Significance of the explanations is p < 0.18, which causes re-jection of the explanations.

If [ENDOSTATIN ≥ 129.0], then Recurrence case.

The two explanations are consistent but not stable.

21 of the 26 test cases are predicted correctly.

Accuracy = 81%.

Significance of the explanations is p < 0.002.

If ENDOSTATIN < 123.0 or M2PK PLASMA < 18.8,then FIGO I-III case.

If ENDOSTATIN > 136.0 and M2PK PLASMA > 21.8,then Recurrence case.

The two explanations are consistent and stable.

22 of the 26 test cases are predicted correctly.

Accuracy = 85%.

Significance of conclusion is p < 0.0002, which is almost thegold standard p < 0.0001.

The data set was supplied by the Frauenklinik, Universit¨
SURVZ (living at present)HER2 (value of second test)Thymidine Phosphorylase:
VEGF (Vascular Endothelial Growth Factor)COX2 (Cyclooxygenase 2)K18 (Keratin 18)
HAT AD MED (adjuvant hormone therapy: medication
HER2 STAT (HER2 status (2, 3, ?))FISH STAT (FISH Status (0,1))HISTO TYP (histological tumor type (1,2,3))PT (tumor size (1,2,3,4,?))PN (lymphnode status (1,2,3,?))M (metastasis (0,1,?))G (grading (1,2,3,?))REZ ER (estrogen receptor expression (0,1,?))REZ PR (progesterone receptor expression (0,1,?))Local recurrence and distant metastasis status:
AT LOK (local)AT ABD (abdominal)AT HEP (liver)AT PUL (lungs)AT ZNS (central nervous system)
AT PERI (heart)AT PLEU (pleura)AT ASCI (ascites)AT LYM (lymphangiosis)AT KNO (bone)
HT AD (hormone therapy)HT PA (palliative hormone therapy)CT AD (chemotherapy)CT PA (palliative chemotherapy)ST (radiation)BT (bisphosphonates)Age (years)BEST RES (best response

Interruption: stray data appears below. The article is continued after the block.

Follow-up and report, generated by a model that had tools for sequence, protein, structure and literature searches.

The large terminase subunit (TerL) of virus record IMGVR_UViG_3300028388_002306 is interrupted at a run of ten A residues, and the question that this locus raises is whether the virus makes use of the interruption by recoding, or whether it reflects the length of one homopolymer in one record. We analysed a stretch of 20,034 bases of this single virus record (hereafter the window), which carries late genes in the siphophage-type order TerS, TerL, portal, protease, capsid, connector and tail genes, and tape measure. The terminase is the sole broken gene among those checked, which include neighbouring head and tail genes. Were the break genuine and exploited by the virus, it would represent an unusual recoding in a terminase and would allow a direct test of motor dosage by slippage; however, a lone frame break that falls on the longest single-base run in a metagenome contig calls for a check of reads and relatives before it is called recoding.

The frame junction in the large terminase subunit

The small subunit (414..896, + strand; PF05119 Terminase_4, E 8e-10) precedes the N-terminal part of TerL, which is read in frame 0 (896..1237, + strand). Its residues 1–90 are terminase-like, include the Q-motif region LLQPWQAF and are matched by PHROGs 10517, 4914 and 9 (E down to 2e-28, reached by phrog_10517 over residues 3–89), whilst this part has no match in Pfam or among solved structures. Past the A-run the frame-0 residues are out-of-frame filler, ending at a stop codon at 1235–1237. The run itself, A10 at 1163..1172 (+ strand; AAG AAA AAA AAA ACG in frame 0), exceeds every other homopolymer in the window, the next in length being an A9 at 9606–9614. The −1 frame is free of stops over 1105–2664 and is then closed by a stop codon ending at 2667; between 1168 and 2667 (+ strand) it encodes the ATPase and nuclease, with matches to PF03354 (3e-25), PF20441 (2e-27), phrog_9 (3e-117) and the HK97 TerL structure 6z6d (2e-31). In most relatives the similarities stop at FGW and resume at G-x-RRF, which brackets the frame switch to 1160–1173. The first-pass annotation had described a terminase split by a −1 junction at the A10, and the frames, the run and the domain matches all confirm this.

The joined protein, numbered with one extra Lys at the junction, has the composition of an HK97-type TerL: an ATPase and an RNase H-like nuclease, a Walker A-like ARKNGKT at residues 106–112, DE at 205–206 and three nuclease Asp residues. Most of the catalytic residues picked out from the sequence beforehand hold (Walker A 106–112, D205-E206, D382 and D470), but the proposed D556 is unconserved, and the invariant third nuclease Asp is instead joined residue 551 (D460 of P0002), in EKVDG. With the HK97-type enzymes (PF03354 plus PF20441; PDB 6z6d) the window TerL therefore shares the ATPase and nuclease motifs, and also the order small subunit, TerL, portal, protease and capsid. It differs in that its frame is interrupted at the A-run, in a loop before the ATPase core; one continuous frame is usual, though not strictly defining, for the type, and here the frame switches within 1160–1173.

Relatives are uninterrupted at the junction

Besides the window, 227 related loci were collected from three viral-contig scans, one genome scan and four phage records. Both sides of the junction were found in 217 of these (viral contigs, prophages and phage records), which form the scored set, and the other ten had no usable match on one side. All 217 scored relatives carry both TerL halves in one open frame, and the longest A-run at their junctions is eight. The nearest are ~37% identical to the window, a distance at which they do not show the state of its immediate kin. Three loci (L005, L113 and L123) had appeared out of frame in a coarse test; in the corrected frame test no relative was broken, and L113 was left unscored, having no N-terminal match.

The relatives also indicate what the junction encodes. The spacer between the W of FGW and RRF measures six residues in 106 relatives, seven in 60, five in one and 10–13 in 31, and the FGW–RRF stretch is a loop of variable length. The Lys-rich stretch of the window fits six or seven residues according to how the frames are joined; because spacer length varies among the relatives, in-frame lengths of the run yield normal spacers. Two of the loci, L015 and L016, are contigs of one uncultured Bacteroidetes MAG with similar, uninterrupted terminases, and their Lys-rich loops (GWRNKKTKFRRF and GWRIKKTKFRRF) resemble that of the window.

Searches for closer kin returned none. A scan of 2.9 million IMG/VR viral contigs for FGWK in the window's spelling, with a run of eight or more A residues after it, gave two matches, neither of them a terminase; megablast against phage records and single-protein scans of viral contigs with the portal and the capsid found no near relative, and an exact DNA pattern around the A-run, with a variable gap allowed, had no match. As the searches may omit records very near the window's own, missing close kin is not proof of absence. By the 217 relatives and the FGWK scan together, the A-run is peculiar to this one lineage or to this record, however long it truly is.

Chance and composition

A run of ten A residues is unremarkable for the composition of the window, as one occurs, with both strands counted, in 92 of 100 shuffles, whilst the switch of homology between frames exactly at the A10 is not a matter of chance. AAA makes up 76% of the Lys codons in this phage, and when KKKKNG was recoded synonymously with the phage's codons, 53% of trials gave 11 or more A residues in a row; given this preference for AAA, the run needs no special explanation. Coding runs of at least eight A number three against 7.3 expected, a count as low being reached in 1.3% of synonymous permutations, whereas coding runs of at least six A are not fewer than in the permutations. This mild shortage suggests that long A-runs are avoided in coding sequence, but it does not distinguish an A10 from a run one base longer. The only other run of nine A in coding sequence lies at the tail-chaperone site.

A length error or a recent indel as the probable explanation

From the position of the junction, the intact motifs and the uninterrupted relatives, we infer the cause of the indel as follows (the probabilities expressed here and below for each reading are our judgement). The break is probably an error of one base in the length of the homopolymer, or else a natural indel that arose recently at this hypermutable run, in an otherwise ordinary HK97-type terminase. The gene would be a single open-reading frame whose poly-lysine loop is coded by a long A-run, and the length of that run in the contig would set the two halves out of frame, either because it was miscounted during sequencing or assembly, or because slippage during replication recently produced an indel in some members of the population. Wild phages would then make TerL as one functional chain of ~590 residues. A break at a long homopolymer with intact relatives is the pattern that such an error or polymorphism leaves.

(1 = complete response,2 = partial response,
TTP (time to progression (weeks))SURV (survival time (weeks))
1. Which factors influence time to progression (TTP)?
2. Why do 3 patients have amazingly high TTP values?
Explanations by C4.5 Decision Tree Method
If [AT HEP > 0 and TP TISSUE > 4], then high TTP case.

These explanations are probably wrong since absence ofmetastases in the liver is claimed to result in not-high TTP.

The explanations are 92.9% correct on the training data. Thisis disturbing since there are just 14 cases in total, yet C4.5 doesnot explain all of them.

RIPPER declares each case to be not-high TTP. Needless tosay, this is not useful.

If TP TISSUE ≥ 6, and if COX2 ≤ 2 or K18 ≥ 9, then highTTP case.

If TP TISSUE ≤ 4], or if COX2 ≥ 4 and K18 ≤ 8, then not-high TTP case.

The two explanations are consistent and only partially stablesince K18 ≥ 9 and K18 ≤ 8 cause instability.

1. The explanations are in full agreement with current un-
derstanding of the actions/interactions of Xeloda and withother results of molecular biology.

2. The explanations are 100% correct on the training data.

In two situations, high TTP values are predicted: